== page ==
Kick-start your business with advice from the experts about how to get your handmade products into shops…
If you’ve always dreamed of seeing your makes on the shelves of your local boutique or displayed in the windows of a high street department store, now is the time to make those goals a reality.
Retailers are always on the lookout for the next big thing and your creations could be the next big seller in their stores.
It can be hard to know where to start, but by embracing your confidence in your crafts and doing your homework it can be the thing that turns your side hustle into the crafty career of your dreams.
We got together three wholesaling experts to guide you through the basics. Yvonne Fisher’s stunning and quirky homeware collection, Yvonne Ellen, hit the big time when she was stocked by stores, such as Liberty and John Lewis.
Clare Yuille of Merry + Bright is a retailer who knows what it takes to get the interest of shops (and has even set up the Indie Retail Academy to help makers get a foot in the door). While Therese Oertenblad of Small Business Collaborative, runs courses to help you navigate the world of wholesaling from pricing to pitching. Here they answer all the questions you need answering to take the first steps to selling in shops…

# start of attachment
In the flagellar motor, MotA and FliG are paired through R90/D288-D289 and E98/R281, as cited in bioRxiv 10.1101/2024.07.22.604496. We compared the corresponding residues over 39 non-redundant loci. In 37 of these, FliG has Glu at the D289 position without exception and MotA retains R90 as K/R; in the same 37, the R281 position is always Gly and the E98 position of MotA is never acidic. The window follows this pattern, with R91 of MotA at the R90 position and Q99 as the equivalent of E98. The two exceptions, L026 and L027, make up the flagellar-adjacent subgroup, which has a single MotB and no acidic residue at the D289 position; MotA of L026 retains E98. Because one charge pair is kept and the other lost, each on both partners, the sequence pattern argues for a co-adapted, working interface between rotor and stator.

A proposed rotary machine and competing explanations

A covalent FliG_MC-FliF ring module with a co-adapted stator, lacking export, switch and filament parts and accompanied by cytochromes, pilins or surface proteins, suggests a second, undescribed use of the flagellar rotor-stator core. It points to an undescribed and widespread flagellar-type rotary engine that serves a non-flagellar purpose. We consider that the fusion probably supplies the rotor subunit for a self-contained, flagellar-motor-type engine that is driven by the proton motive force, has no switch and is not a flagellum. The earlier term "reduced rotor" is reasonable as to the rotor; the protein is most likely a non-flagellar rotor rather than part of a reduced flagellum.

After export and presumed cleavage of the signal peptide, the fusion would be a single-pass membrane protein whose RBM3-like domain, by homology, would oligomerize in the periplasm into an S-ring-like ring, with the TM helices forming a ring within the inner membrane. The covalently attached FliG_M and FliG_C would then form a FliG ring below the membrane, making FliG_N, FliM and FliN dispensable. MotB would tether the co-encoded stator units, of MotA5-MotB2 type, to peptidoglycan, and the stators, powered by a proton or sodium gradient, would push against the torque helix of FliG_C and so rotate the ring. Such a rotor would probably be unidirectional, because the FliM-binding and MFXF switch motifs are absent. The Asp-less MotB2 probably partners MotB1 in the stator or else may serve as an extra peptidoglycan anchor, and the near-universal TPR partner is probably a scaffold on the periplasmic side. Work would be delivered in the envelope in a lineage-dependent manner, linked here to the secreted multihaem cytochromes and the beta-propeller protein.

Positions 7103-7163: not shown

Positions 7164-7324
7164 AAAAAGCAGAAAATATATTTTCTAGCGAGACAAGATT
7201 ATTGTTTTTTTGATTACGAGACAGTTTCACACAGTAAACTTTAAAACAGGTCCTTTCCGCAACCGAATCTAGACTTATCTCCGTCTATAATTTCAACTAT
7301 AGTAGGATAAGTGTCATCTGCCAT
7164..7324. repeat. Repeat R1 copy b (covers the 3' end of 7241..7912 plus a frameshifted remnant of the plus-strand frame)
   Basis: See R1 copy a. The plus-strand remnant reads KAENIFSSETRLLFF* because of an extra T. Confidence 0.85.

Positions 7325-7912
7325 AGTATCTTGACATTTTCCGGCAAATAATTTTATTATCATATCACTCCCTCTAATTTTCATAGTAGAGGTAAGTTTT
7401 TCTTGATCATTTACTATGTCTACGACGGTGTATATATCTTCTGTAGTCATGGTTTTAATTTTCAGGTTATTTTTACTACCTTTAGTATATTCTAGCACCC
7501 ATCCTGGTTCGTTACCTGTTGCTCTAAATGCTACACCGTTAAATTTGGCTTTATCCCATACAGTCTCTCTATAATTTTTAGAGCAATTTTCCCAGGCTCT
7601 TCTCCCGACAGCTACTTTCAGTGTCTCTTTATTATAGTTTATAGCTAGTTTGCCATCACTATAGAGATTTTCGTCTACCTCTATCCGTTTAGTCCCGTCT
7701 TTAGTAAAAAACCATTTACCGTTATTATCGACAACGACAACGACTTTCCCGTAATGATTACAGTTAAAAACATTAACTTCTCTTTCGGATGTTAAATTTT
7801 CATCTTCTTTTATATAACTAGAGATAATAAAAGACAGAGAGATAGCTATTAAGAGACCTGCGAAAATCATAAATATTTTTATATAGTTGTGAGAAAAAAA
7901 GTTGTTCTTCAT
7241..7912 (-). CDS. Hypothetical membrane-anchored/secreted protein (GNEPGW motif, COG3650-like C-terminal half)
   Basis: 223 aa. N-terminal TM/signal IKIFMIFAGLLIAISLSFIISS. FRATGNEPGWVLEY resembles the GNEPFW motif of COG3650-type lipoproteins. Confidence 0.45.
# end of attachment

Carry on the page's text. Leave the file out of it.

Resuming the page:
How do you tell if it’s the right time for you to start wholesaling your makes?
Therese: Before you start thinking about wholesale you need to make sure you can produce enough products at a consistent quality. Make sure you get clear on all your costs and the time commitment it will take to produce bigger orders and actively chase after new potential wholesale customers. If you are confident that you can then it might very well be a good time for you to start to wholesale.
Yvonne: When I was contacted by Liberty London I knew I had to try and make wholesaling work for me as this is one of my absolute favourite stores and I knew it would elevate my brand to the next level. I think it is very important in the early stages of building your business to remain true to what you love and if certain opportunities don’t quite fit in with your aspirations it’s OK to say no.
What is the best way to approach shops you would like to be stocked in?
Yvonne: To begin with find out the best person to speak with (often the manager or buyer), and be able to provide any information or samples as soon as possible. It’s also essential to be confident in what you are showing them – if you love what you do, chances are they are more likely to also!
Clare: Many retailers, although not all, prefer to receive submissions by email. When you pitch to us, we want to know what kind of lovely thing you make and who you make it for. Show us you know something about our specific store. Next, tell us why we should buy. Why is your work a good match for us?
Artists sometimes feel embarrassed at this point and say, “If you want more details let me know!” But retailers are very busy and you often have just one shot at grabbing our attention. If you can accomplish all that, and show a flash of personality while you’re at it, you’ll be doing miles better than 95% of the competition.
How should you work out your pricing for wholesalers?